Due process. Access to justice. These and many other concepts come to life for Boston Public School students each spring, thanks to the Law Day in the Schools Program.
Through this program, lawyers and judges visit elementary, middle and high school classrooms throughout the city of Boston. Volunteers get the opportunity to share their passion for the law with a diverse population of Boston youth.
This year more than 80 volunteers will visit over 50 classrooms to teach more than 1,400 students about the 1966 U.S. Supreme Court case Miranda v. Arizona and expand upon the idea of “Miranda: More than Just Words.” In prior years, students participated in mock trials and assumed the roles of victim, the accused, law enforcement, prosecutor and defense counsel. They also engaged in thought-provoking conversations about what justice means to our community.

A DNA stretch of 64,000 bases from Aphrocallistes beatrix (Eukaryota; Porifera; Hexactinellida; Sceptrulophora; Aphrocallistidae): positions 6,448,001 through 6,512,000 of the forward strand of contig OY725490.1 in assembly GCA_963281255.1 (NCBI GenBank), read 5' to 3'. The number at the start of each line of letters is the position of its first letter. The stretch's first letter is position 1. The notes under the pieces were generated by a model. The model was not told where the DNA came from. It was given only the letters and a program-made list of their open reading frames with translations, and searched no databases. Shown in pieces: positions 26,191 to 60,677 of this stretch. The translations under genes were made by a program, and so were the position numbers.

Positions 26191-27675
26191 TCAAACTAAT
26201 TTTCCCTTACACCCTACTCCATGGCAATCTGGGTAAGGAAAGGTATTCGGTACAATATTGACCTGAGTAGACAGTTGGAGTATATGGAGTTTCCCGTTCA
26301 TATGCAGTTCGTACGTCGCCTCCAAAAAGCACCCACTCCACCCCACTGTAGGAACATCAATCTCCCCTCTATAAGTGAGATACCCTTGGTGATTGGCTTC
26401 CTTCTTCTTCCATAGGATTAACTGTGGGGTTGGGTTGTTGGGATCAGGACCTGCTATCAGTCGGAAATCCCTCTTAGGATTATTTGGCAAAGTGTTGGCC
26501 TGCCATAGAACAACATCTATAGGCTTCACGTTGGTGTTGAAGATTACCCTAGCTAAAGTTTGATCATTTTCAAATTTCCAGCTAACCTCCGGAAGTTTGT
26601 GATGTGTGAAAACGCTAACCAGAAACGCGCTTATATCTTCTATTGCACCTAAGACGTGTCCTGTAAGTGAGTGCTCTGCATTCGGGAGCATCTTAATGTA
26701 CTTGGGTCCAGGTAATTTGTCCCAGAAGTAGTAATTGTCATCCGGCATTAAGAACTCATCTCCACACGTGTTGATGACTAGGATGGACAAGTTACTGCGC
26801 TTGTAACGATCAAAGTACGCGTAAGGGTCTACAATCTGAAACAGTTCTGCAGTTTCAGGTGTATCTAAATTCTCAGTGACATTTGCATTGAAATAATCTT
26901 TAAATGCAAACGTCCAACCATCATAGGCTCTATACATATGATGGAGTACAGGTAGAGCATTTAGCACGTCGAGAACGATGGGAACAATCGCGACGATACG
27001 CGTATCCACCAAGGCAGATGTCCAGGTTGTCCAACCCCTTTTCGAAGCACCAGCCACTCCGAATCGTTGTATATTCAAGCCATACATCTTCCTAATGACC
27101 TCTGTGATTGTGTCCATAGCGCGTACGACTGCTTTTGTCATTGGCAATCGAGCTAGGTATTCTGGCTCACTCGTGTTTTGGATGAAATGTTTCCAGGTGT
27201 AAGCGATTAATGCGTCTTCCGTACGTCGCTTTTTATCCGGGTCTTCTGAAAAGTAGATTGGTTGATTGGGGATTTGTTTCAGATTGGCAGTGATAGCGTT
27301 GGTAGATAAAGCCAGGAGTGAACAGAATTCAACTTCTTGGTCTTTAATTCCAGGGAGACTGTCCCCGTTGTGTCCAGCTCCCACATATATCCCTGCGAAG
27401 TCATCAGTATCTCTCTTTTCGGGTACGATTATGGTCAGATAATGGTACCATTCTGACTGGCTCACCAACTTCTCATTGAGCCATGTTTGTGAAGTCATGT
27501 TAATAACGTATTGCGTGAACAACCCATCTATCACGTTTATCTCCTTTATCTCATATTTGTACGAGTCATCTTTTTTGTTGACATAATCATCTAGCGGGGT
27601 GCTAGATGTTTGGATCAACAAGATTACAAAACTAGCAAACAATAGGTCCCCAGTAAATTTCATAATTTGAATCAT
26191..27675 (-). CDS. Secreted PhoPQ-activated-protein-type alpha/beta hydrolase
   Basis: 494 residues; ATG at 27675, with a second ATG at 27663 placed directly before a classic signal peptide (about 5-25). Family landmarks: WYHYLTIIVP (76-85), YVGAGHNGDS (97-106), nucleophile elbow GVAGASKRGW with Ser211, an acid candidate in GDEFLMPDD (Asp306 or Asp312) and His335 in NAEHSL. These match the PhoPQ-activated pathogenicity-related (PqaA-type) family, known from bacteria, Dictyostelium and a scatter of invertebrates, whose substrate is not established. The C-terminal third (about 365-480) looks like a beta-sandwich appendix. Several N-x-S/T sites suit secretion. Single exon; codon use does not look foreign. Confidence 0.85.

Law Day in the Schools lets Boston Bar Association members expose young people to the law — and perhaps even inspire them to pursue a legal career. It's a wonderful way to make a substantial, long-lasting impact on the next generation.
Mary, Mozart School, Boston
Thank you for visiting our classroom to teach us about John Adams. I learned a lot about him. I appreciate you coming even when you had work to do. Thank you for going over rules that we have to follow at school, at a store, in a car and when playing sports.